On June 18, 2012 the California Department of Corporations (DOC) published notice of additional changes to its proposed private fund adviser exemption regulation (10 CCR §260.204.9) and a new 15-day public comment period.
As reported earlier, the DOC’s proposed rule provides a California corollary to the new federal regulatory exemption for private fund advisers with assets under management of less than $150 million. Under the proposed rulemaking, certain California private fund advisers will be exempt from the DOC’s investment adviser registration requirement if the adviser: (1) is not subject to statutory disqualification under SEC Rule 262 of Regulation A; (2) files periodic reports on Form ADV containing the information required by federally exempt private fund advisers; and (3) pays an annual fee of $125. Under the DOC’s proposed rule, a private fund adviser is defined as an “investment adviser who provides advice solely to one or more qualifying private fund(s)” and a qualifying private funds is an issuer “that qualifies for the exclusion from the definition of an investment company under section 3(c)(1), 3(c)(5), or 3(c)(7) … of the Investment Company Act of 1940…”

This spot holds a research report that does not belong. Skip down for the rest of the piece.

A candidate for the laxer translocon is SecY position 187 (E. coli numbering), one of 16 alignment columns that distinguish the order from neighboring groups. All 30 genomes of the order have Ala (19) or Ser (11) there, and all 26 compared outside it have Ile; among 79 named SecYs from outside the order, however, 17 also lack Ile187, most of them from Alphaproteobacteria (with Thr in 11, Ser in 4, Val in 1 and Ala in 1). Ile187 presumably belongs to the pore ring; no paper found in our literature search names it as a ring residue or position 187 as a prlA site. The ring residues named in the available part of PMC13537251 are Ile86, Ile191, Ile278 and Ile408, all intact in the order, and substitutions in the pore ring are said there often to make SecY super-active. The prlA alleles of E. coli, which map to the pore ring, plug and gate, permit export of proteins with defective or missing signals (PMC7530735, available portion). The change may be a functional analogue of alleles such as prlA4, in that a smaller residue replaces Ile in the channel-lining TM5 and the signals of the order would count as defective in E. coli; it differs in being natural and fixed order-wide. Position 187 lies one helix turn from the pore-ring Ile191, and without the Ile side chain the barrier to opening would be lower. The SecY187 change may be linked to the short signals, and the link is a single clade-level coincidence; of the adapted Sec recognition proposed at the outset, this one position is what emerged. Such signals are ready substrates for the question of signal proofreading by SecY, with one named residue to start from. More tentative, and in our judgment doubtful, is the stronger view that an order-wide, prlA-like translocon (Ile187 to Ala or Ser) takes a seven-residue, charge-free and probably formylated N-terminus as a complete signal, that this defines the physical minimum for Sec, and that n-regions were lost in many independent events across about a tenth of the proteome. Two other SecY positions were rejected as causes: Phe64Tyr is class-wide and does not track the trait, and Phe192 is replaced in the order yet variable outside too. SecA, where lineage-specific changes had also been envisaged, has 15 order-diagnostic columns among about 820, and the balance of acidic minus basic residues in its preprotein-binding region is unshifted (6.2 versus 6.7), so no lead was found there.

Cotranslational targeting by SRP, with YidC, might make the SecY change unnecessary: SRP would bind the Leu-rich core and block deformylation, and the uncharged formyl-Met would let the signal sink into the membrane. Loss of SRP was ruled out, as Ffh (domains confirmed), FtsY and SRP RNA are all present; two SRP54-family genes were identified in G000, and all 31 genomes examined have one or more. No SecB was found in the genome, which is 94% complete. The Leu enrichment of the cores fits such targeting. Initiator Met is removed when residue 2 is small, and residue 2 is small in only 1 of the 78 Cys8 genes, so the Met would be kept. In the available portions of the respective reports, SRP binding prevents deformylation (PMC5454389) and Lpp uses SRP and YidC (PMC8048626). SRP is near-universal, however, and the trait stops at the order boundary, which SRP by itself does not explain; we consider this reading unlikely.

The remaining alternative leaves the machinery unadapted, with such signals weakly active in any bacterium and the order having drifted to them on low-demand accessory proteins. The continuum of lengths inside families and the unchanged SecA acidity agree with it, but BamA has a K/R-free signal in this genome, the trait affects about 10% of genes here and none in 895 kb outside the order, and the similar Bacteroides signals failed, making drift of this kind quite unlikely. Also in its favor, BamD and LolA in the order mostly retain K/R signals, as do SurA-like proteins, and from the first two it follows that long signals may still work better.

The revised exemption was initially proposed on January 6, 2012. Comments received on that initial proposal resulted in a number of changes to the rule, necessitating the new public comment period. The changes to the proposed rule are fairly non-controversial. They include:
-Expansion of the definition of “qualifying private fund” to include issuers that qualify for an exclusion from registration as an investment company under Section 3(c)(5)of the Investment Company Act of 1940;
-For advisers who qualify for the exemption because their funds are excluded from registration as an investment company under Section 3(c)(1) or 3(c)(5) of the Investment Company Act of 1940:
- A requirement that audited financials to be prepared by a CPA that is registered with the PCAOB and be delivered to the fund’s investors within 120 days of the end of the fund’s fiscal year (or 180 days for a fund of funds), and
- Prohibition of charging performance fees to any investor that is not a “qualified client” as defined by SEC Rule 205-3(d) (17 CFR § 275.205-3(d)); and
– Expansion of the definition of “venture capital company” to include corresponding federal definitions.
The existing California private fund exemption was extended to July 16, 2012, but cannot be extended again. The new rule, therefore, should be finally adopted by the Department no later than that date.
For additional information about reporting obligations of private fund advisers, or any other securities law concern, please contact Sarah Weber at email@example.com or (619)298-2880.